Rotational recovery

Posted on 2016-08-24 in The Blue Car
rotational-recovery

After the long months of stripping, painting and reassembling the car, I had high hopes for getting around in it for a bit. Alas, it was not to be.

I had previously replaced the rear wheel bearings as part of the initial restoration, and I guess I should have expected that the front bearings would retire at some point too. For a long time before the teardown I had lived with a slight rotational sound audible only at low speed, but figured it was not of any concern since it wasn’t getting worse. As it turns out, while standing around for a few months in my garage, the bearings had apparently deteriorated somehow. It was now making grinding noises under braking and the wheels were tram-tracking like crazy on bumpy surfaces. The former probably only became apparent after I had replaced both the front rotors and pads during the reassembly, the latter I had ascribed to the Konis and poly-bushes, but it was worse now and pretty disconcerting. So I pulled off the front brake and hub assemblies, after I acquired a 2 meter piece of pipe, and found grease all over the one dust cap with both bearings having sideways play in excess of 2 to 3 millimeters, which would explain the instability of the front wheels.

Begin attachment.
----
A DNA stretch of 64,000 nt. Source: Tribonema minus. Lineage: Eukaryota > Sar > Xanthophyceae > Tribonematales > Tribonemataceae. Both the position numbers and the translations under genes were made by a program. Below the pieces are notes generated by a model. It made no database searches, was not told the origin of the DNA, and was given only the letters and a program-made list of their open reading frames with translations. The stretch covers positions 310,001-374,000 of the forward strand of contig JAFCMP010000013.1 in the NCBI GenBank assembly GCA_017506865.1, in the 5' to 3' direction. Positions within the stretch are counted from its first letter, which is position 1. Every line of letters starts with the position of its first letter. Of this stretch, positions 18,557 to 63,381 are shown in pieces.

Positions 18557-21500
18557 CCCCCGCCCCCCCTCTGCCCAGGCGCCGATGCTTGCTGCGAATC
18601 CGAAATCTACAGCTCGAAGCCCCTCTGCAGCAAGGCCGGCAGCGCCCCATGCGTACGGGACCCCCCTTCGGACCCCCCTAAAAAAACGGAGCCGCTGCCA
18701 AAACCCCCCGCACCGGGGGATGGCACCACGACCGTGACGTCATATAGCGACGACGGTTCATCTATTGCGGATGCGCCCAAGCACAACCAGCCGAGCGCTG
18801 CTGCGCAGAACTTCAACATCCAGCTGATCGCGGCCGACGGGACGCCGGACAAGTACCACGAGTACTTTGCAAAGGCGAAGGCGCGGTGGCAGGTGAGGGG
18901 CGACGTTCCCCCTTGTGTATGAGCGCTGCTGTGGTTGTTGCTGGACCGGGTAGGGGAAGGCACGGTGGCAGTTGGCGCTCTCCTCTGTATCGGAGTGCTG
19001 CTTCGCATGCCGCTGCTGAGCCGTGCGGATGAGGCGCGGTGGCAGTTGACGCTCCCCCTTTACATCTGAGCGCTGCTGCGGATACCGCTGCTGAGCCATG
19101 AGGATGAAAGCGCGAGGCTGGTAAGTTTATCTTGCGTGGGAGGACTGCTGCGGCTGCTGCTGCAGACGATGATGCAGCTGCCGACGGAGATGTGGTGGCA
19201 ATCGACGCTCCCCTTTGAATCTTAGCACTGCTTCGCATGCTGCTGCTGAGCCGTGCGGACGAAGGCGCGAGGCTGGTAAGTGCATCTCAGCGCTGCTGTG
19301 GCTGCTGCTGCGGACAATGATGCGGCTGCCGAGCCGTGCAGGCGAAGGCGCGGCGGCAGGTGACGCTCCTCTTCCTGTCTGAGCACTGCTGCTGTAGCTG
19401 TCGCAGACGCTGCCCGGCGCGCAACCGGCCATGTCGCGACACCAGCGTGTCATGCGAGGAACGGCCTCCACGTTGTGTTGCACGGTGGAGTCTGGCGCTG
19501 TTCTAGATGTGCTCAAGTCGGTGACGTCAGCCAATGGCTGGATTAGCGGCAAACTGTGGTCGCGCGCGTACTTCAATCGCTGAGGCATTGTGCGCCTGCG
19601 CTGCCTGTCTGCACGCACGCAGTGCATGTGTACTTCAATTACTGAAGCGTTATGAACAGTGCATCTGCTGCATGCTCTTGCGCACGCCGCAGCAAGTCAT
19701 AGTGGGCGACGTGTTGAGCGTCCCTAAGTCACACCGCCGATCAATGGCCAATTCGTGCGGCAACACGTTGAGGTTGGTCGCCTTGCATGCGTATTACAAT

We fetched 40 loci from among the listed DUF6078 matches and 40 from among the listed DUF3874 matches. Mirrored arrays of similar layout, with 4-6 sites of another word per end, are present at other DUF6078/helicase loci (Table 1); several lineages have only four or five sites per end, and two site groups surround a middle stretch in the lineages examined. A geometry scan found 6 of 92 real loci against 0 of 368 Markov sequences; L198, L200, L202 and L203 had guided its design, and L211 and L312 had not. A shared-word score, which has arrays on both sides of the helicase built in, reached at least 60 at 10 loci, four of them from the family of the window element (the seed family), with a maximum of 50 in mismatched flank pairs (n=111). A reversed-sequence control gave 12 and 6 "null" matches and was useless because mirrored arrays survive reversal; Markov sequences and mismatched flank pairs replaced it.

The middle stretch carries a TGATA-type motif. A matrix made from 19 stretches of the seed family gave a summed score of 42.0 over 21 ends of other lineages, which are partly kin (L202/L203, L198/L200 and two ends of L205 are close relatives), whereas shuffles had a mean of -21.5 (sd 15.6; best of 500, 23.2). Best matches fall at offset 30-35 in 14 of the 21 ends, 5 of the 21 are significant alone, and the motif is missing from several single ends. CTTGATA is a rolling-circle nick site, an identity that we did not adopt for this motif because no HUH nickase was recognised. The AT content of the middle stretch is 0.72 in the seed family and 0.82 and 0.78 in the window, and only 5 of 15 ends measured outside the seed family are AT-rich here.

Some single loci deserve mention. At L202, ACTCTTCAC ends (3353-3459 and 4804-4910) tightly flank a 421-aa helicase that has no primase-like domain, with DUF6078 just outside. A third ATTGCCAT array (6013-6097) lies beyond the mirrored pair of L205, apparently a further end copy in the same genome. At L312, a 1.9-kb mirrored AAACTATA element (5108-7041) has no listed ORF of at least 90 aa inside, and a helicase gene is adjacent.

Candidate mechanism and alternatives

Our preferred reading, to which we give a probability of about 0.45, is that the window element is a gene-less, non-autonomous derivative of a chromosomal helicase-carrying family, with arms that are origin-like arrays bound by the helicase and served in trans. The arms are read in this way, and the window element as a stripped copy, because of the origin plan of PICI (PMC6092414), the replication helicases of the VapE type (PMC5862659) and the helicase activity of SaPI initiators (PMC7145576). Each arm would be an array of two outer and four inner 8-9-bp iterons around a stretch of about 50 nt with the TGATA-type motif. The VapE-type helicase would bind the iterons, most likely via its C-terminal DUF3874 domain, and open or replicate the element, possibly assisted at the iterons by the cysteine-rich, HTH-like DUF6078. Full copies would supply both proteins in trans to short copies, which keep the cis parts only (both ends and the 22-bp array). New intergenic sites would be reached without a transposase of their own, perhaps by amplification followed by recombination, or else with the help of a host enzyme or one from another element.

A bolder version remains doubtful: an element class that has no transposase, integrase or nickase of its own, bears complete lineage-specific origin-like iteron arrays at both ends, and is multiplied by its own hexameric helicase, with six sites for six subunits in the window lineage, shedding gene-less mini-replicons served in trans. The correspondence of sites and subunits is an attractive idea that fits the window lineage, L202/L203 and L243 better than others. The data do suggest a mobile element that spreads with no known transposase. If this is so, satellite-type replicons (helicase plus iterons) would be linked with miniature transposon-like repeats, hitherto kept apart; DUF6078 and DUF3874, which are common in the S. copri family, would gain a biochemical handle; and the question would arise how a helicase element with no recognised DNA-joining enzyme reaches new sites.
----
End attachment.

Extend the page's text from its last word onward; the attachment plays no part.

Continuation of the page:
The two old hubs, spindle-nuts and dust caps. The nuts were properly destroyed too. Got those from the dealer easy and cheap.

So then I had to get hold of new bearings. This front-hub and bearing assembly is considered a unit, and Mazda doesn’t have a separate part number for only the bearing. The EPC only details the entire hub as a single part. So of course the dealer price per hub was around R4500.00, where-as I could get aftermarket parts from both the UK and Dubai for less than R1000.00 and R500.00 respectively. So I ordered and waited.

While waiting for the parts I got another set of stands and lifted the rear of the car off the ground so that I could also adjust the handbrake. This has never worked properly before, but it’s a simple process involving a small adjustment screw on either side. With that done, and the hubs finally here, I “piped” everything back together again in no time, and the results are...dramatic. The front-end feels way more solid and composed now, with the turn-in response better than it has ever been. I’m really happy now, and bearing life is something I will always consider and inspect whenever I buy another older car.

A very long piece of pipe over my torque wrench, to get to 200NM required for the spindle nuts. I used the same setup over my breaker bar to get them loose.
Other posts in The Blue Car

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What does a 25 year old Mazda and a new JEEP Renegade or Wrangler have in common? Let’s just say, it’s remarkable how engineering standards and convention has held up over time, cultures and continents.